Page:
The 1.5-liter engine in the Mazda2 is one of the smallest gasoline engines on the U.S. market, but its performance is exciting, with a 5-speed manual gearbox. We didn't get to drive the 4-speed automatic, but we have doubts, partly because it's only a 4-speed and partly because it's hard to imagine it making the Mazda2 any better to drive than the 5-speed. Maybe if you never leave the city.
The engine pulls well at lower revs and comes on stronger at 4000 rpm where the torque peaks. It sounds good above 4000, and zings responsively all the way up to 6300 redline. The drive-by-wire throttle responds quickly. We read one review that called the engine gutless, but we say nonsense. Although if the Mazda2 had the Fiesta's 119 horsepower from a related 1.6-liter engine, it'd be way hot.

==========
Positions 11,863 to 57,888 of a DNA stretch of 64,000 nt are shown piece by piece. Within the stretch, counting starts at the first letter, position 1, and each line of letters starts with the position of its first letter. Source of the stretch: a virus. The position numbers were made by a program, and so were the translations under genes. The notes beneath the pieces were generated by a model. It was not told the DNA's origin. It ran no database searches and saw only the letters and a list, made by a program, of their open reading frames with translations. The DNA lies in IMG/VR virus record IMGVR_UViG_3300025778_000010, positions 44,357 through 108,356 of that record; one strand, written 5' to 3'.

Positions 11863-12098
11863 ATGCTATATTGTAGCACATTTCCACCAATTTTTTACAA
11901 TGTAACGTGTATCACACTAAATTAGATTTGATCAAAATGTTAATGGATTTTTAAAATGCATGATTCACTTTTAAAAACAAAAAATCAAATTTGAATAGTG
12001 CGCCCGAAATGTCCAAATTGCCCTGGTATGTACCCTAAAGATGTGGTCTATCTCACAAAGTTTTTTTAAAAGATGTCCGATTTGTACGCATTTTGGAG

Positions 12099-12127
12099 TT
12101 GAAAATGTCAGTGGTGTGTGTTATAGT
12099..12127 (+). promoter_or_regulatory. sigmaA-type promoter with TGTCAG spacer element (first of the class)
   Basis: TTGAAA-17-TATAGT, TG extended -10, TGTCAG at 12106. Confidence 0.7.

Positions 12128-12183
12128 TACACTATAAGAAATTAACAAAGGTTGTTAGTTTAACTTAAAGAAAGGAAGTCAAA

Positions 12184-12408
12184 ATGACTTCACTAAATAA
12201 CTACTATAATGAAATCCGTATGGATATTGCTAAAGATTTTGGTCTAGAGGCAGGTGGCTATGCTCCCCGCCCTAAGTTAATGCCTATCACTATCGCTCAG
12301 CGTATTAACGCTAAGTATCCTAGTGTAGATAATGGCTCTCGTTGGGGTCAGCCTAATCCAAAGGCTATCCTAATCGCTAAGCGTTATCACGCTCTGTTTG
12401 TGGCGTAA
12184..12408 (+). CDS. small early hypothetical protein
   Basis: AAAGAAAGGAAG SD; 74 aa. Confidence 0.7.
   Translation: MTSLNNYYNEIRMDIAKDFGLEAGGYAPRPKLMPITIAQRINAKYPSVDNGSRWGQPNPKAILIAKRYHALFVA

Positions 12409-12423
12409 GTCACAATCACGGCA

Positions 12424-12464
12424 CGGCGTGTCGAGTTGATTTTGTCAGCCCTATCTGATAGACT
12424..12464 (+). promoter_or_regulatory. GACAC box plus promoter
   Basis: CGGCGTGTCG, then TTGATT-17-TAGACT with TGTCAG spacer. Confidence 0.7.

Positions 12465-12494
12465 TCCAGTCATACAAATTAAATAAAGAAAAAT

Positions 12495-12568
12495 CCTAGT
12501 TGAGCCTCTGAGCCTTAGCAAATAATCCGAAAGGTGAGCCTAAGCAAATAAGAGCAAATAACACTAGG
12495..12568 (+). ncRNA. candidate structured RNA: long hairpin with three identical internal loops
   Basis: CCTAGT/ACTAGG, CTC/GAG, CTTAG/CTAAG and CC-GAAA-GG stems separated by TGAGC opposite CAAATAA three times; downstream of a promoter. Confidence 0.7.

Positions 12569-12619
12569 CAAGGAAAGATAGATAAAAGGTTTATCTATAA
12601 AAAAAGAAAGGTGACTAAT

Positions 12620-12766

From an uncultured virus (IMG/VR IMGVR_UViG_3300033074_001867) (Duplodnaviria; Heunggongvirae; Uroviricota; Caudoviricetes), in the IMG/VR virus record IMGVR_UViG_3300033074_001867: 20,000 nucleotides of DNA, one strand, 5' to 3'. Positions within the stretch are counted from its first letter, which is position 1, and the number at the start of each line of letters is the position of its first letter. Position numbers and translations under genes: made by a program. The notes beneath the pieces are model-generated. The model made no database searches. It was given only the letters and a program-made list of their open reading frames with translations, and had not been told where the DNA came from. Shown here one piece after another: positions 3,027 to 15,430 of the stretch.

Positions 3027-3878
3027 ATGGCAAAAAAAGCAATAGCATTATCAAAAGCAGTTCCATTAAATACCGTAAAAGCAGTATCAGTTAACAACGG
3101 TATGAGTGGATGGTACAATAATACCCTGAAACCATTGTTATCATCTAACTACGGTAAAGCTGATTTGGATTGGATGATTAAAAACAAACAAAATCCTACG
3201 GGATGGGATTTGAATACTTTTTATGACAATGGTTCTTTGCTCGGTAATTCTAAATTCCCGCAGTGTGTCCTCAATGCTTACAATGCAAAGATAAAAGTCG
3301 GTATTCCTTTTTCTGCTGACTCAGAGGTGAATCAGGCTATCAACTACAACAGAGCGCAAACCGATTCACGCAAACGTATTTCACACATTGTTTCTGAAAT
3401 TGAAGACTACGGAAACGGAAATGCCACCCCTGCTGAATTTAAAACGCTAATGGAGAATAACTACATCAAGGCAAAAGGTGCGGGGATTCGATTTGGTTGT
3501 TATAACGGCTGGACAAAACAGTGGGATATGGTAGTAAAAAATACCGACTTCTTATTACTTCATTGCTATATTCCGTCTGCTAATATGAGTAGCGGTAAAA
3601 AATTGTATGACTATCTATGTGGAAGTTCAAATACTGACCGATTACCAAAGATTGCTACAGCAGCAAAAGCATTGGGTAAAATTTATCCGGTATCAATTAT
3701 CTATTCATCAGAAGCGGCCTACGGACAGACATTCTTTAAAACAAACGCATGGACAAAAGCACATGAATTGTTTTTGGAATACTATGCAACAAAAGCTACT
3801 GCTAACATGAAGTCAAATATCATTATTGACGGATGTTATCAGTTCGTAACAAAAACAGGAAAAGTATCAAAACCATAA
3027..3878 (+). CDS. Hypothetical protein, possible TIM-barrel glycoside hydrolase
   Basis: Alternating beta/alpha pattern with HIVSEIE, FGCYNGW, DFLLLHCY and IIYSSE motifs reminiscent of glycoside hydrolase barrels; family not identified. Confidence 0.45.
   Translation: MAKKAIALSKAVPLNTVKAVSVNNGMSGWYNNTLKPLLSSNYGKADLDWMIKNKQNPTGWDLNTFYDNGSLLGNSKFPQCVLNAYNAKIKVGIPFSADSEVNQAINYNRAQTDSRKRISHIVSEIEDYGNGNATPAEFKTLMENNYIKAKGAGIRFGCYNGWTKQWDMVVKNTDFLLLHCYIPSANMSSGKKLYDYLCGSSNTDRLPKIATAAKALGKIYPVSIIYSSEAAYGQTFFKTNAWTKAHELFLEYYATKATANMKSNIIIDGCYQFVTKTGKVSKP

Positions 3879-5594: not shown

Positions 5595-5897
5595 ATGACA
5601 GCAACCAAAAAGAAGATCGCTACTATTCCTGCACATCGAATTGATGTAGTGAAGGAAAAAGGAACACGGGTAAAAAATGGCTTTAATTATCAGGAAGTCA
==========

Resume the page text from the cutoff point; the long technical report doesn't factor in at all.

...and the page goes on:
It's really smooth at 75 or 80 mph. More Mazda attention to mechanical detail. The engine is mounted in a manner to reduce the fore-aft motions of front-wheel-drive four-cylinders.
The brakes have a nice responsive feel, and stop the lightweight car quickly. Vented discs in front, drums in the rear, with ABS, brake force distribution and brake assist.
The suspension is fairly conventional, with MacPherson struts in front and a trailing-arm torsion beam in back. We drove the Mazda2 over twisty two-lanes on the California coast, and found that it cornered flat and sucked up most bumps. The electric power steering reacts quickly.